Pali is an ancient Middle Indo-Aryan language, and the liturgical and canonical language of Theravada Buddhism. Closely related to Sanskrit, it is the language of the Buddhist Tipitaka , Atthakata (commentary) and Tika (subcommentary). It is therefore an important language for the study of Buddhism, particularly as it has developed in Sri Lanka and countries such as Myanmar (Burma), Thailand, Laos and Cambodia.
In Semester 2, 2014, the UQ Buddhist Society will be hosting a series of introductory Pali classes aimed at students with no prior knowledge of Pali or Sanskrit, with the goal of building basic reading proficiency. We invite you to join us for this rare opportunity to gain skills in engaging Buddhist texts.
Teacher: Dr. Sanka Wasalthilake
- Cost: $50 for 10 weeks
- 10 x 1 hr classes commencing Week 3 of Semester (August 14) and ending Week 12 (October 23), with a break for midsemester break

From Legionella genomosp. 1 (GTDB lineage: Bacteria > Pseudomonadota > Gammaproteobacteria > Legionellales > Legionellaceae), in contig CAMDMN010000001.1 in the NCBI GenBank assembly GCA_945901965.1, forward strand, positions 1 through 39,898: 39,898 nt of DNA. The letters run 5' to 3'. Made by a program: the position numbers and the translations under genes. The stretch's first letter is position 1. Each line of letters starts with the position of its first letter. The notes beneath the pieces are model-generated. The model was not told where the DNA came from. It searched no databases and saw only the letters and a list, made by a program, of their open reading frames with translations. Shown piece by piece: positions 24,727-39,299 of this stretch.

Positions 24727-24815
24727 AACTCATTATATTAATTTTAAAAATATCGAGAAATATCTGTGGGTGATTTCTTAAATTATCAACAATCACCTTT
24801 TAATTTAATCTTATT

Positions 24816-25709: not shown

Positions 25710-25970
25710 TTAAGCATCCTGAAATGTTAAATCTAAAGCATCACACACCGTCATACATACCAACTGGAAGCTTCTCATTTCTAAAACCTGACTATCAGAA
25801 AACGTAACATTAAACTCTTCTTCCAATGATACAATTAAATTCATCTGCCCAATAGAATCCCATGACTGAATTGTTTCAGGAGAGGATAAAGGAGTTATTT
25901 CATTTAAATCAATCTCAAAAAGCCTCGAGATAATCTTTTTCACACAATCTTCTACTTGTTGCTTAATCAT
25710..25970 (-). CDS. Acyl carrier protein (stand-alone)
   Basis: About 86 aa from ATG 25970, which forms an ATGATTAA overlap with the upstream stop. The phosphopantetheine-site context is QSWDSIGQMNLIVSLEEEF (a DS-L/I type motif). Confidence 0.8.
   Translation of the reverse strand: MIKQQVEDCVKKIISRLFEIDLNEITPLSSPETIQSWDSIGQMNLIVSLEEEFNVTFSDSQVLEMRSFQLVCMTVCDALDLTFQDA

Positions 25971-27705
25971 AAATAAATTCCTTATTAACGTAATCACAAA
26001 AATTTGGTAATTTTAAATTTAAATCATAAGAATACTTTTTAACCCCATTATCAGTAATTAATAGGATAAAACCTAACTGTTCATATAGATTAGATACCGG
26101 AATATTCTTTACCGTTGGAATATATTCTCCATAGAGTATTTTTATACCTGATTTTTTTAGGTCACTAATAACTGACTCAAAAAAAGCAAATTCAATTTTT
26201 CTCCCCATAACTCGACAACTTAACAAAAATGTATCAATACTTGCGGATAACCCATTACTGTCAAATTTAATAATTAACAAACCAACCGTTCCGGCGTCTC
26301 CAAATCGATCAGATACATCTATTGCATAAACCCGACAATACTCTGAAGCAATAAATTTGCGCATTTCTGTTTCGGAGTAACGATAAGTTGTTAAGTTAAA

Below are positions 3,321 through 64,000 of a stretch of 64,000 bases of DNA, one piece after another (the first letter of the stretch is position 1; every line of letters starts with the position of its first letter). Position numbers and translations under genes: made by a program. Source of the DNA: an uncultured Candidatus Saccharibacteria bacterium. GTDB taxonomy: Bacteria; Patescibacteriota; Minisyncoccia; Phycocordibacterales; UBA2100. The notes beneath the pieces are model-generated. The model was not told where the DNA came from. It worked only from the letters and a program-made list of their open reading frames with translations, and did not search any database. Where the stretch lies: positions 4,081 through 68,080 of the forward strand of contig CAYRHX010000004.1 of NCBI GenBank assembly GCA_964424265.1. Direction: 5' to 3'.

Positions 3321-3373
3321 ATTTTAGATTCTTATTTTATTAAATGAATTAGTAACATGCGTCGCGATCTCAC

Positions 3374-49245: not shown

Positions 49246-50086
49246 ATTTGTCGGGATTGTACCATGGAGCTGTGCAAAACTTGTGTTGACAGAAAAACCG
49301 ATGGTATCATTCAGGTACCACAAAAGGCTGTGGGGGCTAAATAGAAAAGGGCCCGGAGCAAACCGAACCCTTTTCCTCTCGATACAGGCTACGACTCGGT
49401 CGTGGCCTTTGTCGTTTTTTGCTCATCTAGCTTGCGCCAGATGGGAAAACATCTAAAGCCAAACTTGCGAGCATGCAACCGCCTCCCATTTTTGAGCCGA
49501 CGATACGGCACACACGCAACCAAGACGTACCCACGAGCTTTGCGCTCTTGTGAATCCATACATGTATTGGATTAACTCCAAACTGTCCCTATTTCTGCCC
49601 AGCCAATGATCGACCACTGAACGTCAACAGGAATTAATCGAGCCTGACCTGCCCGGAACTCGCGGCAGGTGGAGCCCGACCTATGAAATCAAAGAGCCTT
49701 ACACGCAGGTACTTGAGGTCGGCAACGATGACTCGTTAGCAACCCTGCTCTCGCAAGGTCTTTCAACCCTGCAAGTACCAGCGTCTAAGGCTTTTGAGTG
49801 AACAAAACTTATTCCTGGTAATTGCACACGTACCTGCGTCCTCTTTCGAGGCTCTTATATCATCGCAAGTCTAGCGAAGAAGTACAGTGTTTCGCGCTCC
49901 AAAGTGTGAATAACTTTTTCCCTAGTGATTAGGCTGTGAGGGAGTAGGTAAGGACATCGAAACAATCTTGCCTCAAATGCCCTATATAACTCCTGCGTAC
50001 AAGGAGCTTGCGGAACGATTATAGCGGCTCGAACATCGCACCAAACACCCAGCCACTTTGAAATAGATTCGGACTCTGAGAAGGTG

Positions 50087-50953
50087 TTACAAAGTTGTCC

- Thursday Evening, 7pm-8pm: UQ location TBA
- The text used will be Lily de Silva’s “A Pali Primer”.
- The class will be capped at ten students. Please apply early to secure your place
- To apply, please submit the form by following the link: (registration is now closed).
To confirm your place, please make a payment of
$50 (UQ Buddhist Society Members) or
$52 (non-members: includes membership) to:
UQ Buddhist Society
BSB: 064 158
Account number: 11039368
We’ll send you a receipt via email when we confirm your payment.
Email uqbuds[at]gmail.com with any questions.
About our teacher:
Sanka Wasalthilake (previously a Buddhist monk) received his BA degree from the University of Peradeniya, Sri Lanka (2001) and Ph.D. from the University of Queensland, Brisbane Australia (2014) both majoring in Buddhist studies. Sanka has been teaching Pāli/Sanskrit more than 15 years at an International Bhikkhu Training Institute in Sri Lanka. Sanka was invited to Sri Lankan Buddhist Monastery Brisbane in 2004 to serve as a religious advisor to the Buddhist society. Currently, Sanka lectures on Buddhist Studies at the University of Queensland as a casual staff member while continuing further research studies on Pāli sub-commentarial (ṭīkā) literature.